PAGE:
I’m honored to present a guest post from , an expert on Mesoamerica and its various indigenous nations and cultures.

This is our lord Xochipilli (also Macuilxochitl) – the Noble Young Lord of Flowers.

He/It is the personification of recreational sex, chance, dance, games, fun and the effects of hallucinogenic plants. He is the philosophical representation of the joy of life free of judgment and guilt from the pleasures of the body.

Each one of the sacred plants covering his body have different effects, all leading to healing, and better understanding of self within a ceremonial context and practice.

This personification of the human life experience is accompanied by an Ozomatli (a spider monkey) who echoes the similar nature. The Catholic priests who came to destroy and indoctrinate the native populations were disturbed and in opposition to the idea that the ancestors would have the “sinful” thoughts of enjoying the body pleasures of human life. They believed the “rightful” thing to do was to deny and detach from all earthly pleasures(sin) in order to earn entrance in heaven with their creator god.

Xochipilli literally translates to noble flower youth/child. It is something that lives within all of us and to honor that noble child and all that it represents is a beautiful thing.

Xochipilli has a partner Ome teotl (two sacred) duality, her name is Xochiquetzal (precious/standing straight flower). She is also an aspect of us all, she is romantic love, which is love with emotional ties, responsibility, accountability; she is the part of us which regardless of age is always beautiful, the sexuality which is perennial, not momentary.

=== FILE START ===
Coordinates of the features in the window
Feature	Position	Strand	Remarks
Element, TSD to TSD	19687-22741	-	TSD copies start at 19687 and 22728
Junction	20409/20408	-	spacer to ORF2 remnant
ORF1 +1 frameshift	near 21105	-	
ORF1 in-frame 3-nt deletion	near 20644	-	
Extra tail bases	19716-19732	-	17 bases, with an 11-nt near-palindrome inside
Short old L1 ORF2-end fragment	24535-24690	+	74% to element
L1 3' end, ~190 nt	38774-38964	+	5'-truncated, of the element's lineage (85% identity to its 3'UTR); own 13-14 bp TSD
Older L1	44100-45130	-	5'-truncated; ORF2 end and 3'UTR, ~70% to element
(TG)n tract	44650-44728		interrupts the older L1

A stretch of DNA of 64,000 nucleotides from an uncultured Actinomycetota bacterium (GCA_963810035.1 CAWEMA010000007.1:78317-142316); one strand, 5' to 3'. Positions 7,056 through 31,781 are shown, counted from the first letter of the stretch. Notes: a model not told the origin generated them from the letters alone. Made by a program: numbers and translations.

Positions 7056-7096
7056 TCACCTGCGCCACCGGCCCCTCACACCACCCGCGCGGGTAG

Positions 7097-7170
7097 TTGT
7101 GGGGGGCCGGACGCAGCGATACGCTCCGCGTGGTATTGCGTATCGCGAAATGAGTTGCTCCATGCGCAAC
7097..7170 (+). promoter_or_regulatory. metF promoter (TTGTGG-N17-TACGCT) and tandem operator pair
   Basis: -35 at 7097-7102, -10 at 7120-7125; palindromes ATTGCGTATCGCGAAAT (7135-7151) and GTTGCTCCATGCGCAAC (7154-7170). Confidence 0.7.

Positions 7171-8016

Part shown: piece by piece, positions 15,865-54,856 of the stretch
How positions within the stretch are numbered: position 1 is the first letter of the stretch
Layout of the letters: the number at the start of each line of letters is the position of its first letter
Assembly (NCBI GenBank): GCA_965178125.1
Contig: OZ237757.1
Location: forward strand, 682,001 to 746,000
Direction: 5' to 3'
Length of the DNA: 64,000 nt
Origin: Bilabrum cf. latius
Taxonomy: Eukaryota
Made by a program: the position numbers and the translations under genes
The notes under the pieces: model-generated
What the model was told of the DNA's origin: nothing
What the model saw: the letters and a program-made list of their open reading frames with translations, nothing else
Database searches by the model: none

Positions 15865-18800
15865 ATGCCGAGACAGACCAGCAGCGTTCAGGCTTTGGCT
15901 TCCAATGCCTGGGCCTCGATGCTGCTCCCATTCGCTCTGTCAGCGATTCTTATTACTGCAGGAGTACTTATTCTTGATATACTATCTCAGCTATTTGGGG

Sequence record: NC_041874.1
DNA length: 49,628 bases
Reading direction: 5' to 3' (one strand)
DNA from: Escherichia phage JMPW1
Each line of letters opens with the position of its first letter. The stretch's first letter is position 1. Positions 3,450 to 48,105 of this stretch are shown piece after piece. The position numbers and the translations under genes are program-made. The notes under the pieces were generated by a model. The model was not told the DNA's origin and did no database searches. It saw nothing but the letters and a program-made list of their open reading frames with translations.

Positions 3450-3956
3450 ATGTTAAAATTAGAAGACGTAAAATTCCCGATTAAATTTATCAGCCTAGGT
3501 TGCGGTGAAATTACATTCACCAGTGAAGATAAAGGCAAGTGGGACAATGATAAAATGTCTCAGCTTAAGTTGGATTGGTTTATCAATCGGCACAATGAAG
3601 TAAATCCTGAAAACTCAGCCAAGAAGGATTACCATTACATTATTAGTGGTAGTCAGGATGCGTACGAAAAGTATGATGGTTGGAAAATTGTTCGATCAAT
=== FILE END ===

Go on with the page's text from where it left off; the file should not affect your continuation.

To love one self is to accept all of what it means to be us and to be human, the Teteotl all live within us, they are venerated and in harmony when we love ourselves.


“We are a Danza Calpulli (row of homes/community). Our main purpose is to restore the 18 ceremonies of our elders. This means that most of our ceremonies do not include Danza. We participate in Danzante ceremonies, but we understand these are only one type of ceremony with the emphasis on Danza, whereas our ceremonies focus on the restoration of the original practices and world view of our peoples.

We study and practice everything related to the Mesoamerican culture prior to the european invasion and occupation. Although we realize that it is impossible to separate our daily living and practices from political circumstances, politics, rallies and protests are not something we practice as a calpulli but more as educated and concerned individuals. We are also not for entertainment or profit.

Having said that, our secondary purpose is to share and promote the ways of our people to our people.

Tihuan ti tlacah – We Who are the People.”

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